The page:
Start learning with our library of video tutorials taught by experts. Get started
Viewed by members. in countries. members currently watching.
Rick Smolan is responsible for some of the largest photographic projects ever undertaken. A former Time, Life, and National Geographic photographer, Rick created the best-selling Day in the Life book series and many other large-scale photographic projects, such as America 24/7, 24 Hours in Cyberspace, and Blue Planet Run. He pushes the boundaries of technology with each new project while delivering inspiring books that tell masterful photographic stories. His projects have been featured on the covers of magazines such as Fortune, Time, Newsweek, and U.S. News & World Report. This installment of Creative Inspirations takes viewers inside Rick's latest production, where he reveals his unique processes and shows how he reinvents himself for each new project.
(Music plays.) Being in Asia for so many years and being with so many photographers, one of things that surprise me so much was that the same men and women tended to show up at all the big events. I would sit around the bars with these men and women and a lot of it was in Bangkok. There would always be a new place we would all go to in between that was inexpensive, it was fun, it was warm, and these other photographers many of whom were my heroes would sit around and do nothing but bitch and moan and complain.
What was happening is we would all, all of the photographers, get very emotionally involved with the things they were shooting. And you really wanted your pictures to change the world. You really hoped that you would just blow the lid off some situation, or shock people, or that your pictures would actually have some effect other than serve the purpose of selling ads in a magazine. And so I am sitting around in a bar with Philip Jones Griffith and JP Laffont, a bunch of people, and I said, wouldn't be cool if we could all get together, all of us, and descend on a country for 24 hours. Like just cover, blanket, the country, and all go. On your mark, set, go. It's midnight. We all start shooting, and we do a book in one day.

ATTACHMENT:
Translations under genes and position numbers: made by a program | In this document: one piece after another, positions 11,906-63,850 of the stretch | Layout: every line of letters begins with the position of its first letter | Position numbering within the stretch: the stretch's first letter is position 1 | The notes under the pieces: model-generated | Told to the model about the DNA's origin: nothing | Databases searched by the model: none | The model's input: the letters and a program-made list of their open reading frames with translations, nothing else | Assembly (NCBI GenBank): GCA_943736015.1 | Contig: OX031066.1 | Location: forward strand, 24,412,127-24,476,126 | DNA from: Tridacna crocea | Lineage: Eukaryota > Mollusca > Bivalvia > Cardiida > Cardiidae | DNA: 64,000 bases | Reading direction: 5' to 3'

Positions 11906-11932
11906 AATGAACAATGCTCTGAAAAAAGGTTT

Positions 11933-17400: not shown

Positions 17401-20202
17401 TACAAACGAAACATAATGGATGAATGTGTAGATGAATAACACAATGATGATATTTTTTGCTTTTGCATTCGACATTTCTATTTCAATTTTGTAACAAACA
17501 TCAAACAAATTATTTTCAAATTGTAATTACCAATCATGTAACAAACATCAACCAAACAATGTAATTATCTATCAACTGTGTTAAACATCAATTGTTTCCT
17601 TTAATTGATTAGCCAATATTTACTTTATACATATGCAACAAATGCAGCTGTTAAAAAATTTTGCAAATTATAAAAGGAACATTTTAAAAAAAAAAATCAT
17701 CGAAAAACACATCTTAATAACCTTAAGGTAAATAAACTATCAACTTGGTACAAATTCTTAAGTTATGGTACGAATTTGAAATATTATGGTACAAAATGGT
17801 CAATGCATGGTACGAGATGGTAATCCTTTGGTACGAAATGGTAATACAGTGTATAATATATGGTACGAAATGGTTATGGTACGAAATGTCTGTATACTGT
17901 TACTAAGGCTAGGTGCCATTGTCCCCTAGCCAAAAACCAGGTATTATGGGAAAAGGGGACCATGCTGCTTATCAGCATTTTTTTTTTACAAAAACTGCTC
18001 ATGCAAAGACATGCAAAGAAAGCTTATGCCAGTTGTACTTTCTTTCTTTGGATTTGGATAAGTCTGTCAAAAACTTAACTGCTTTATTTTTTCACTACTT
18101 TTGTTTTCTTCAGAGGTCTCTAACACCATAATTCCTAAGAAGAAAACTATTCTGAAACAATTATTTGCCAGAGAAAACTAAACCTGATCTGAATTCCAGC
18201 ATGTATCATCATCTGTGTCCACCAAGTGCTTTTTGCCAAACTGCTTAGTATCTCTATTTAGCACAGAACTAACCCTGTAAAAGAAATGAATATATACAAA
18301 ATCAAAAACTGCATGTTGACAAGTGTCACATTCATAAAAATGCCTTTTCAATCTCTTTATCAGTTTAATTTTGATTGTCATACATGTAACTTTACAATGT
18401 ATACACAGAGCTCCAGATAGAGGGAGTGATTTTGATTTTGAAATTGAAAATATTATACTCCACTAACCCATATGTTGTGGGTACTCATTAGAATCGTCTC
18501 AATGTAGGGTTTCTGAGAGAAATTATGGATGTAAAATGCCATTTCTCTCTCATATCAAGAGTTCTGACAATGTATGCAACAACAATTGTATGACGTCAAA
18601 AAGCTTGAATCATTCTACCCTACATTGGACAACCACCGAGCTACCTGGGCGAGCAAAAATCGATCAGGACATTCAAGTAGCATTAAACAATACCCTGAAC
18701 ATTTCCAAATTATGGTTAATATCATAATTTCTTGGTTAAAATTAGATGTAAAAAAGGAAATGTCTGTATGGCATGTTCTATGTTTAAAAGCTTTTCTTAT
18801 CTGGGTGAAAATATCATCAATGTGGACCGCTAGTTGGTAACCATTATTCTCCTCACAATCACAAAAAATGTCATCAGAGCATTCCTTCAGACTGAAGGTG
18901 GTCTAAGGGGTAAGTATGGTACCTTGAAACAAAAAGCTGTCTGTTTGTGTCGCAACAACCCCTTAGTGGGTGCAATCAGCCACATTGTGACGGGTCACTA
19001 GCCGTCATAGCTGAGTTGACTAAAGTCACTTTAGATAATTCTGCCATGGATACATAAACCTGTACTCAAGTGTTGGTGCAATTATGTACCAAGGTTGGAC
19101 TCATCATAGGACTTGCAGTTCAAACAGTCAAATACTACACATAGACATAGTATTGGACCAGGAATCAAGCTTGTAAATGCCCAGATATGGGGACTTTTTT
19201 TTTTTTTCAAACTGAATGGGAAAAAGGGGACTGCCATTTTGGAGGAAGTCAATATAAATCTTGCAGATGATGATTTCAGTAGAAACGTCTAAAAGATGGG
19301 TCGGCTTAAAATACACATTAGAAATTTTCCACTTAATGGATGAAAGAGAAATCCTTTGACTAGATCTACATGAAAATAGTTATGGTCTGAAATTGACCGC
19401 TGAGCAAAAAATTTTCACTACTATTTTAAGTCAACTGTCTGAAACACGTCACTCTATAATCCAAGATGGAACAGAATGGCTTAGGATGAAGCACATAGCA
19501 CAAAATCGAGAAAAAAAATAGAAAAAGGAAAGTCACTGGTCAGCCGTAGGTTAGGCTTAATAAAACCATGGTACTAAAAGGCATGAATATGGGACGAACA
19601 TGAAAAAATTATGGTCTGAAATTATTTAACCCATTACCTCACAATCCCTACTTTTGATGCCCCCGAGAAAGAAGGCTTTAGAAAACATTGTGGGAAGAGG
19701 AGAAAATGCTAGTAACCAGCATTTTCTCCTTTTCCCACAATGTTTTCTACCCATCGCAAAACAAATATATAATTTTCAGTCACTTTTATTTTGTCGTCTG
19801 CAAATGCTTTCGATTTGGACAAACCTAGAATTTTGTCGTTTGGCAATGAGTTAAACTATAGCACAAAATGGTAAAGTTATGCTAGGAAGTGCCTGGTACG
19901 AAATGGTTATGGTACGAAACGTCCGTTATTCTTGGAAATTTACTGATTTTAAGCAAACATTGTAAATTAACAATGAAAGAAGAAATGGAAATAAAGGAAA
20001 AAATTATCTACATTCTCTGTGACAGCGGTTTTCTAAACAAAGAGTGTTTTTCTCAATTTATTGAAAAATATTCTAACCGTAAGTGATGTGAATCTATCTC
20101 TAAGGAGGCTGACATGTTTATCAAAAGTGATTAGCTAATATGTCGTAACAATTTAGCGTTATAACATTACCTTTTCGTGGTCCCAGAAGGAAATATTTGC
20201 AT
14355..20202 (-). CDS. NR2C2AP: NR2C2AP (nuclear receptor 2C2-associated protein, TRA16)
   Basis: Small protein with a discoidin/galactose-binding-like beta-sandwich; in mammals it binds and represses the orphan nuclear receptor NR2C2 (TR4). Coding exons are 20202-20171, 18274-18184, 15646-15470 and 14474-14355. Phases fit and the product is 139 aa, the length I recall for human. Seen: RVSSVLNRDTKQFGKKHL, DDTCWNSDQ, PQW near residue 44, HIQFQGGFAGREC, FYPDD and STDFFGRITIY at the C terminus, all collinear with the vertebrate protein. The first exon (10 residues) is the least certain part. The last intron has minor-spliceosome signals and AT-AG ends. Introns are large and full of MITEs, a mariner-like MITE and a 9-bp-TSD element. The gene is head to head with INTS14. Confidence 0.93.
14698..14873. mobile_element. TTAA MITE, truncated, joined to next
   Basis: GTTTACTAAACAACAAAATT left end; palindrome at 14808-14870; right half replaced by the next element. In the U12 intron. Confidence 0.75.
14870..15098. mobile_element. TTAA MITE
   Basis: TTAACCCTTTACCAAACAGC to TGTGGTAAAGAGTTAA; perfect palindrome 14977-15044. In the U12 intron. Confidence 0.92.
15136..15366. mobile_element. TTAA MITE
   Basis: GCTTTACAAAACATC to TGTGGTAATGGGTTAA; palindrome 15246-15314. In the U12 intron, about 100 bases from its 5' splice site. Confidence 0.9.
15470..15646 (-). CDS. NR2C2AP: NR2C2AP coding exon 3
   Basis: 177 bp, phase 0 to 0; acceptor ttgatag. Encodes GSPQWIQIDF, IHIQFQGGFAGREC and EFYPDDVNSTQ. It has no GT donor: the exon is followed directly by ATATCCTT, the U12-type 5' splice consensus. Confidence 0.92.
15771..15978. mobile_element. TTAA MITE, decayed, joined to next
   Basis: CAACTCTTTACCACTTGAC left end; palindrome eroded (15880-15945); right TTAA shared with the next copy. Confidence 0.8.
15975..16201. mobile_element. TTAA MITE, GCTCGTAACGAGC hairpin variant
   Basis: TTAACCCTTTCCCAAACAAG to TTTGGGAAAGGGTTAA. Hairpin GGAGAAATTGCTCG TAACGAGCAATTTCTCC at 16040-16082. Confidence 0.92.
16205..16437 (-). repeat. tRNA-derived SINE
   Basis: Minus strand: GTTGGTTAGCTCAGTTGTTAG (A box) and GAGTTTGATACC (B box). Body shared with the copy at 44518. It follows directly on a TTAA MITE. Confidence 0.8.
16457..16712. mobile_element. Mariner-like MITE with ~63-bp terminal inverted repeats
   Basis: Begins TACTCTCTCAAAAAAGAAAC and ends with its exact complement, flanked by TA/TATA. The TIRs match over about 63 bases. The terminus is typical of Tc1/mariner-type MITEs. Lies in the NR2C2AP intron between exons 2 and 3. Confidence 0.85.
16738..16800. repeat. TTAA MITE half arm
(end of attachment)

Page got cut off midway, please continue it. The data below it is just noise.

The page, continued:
So all my friends in Bangkok that night said, "great, you go organize it and we'll all come take pictures," thinking that would be the last of it. So I went back to Australia. I went to publishers. I went to 35 publishers around the world thinking they would fall over at the brilliance of this idea. The best photographers in the world let loose for 24 hours, A Day in the Life of Australia, and got laughed out of their offices. Every single publisher, 35 publishers I met with, said "who on earth would pay $40 for a book of pictures taken on a day that nothing happens in some God forsaken country, on the other side of the world like Australia. Who would care about that?" So I went back to my friend the Prime Minister and I said "Mr. Prime Minister, I want to do this book about your country. I went to all these publishers. No one is interested. Could you like pay to bring all my friends to Australia for this project?" And he said, "Nice try." But he said "I will help you," and I thought you know, it will be one of these shining me on, polite kind of things.
He said, "okay. First I am going to give you a letter saying I know you, respect you, admire your work." I said, "yes, so what I do with the letter?" He said, "okay, just stick with me here okay. I have a good idea for you." And then he outlined what I have been doing for the last 25 years, in the next like 10 seconds. He said "okay, I am going to set up meetings for you with the CEOs of companies all over Australia." I said, "and how is that going to help me?" He said, "okay, you are going to tell them that you are producing the Olympics of photography." I said, "okay, I am sorry. I am really stupid. I still don't get it." "You are doing an Olympics of photography. You are the bringing the best photographs in the world to Australia and it's a huge competition to see who can get the best pictures in your book." I said, "well, it's not a competition, it's a collaboration." He says, "Rick, I have been around you guys. You're all trying to outdo each other. It's definitely a competition." I said, "so what I am asking these companies for?" He said, "okay, you are going to Kodak you are asking them for film, you are going to Qantas you are asking them for airline tickets, you are Hertz asking them for cars, you are going The Hyatt and ask them for rooms. This guy Steve Jobs has started this computer company. You can ask him for computers." And I said, "and why would they give me this stuff?" He is like, I remember him being completely exasperated with me. He said, "okay you are going to put their logo in the front of page of your book. You are going to give them a special edition of the book with a letter that the Chairman can write.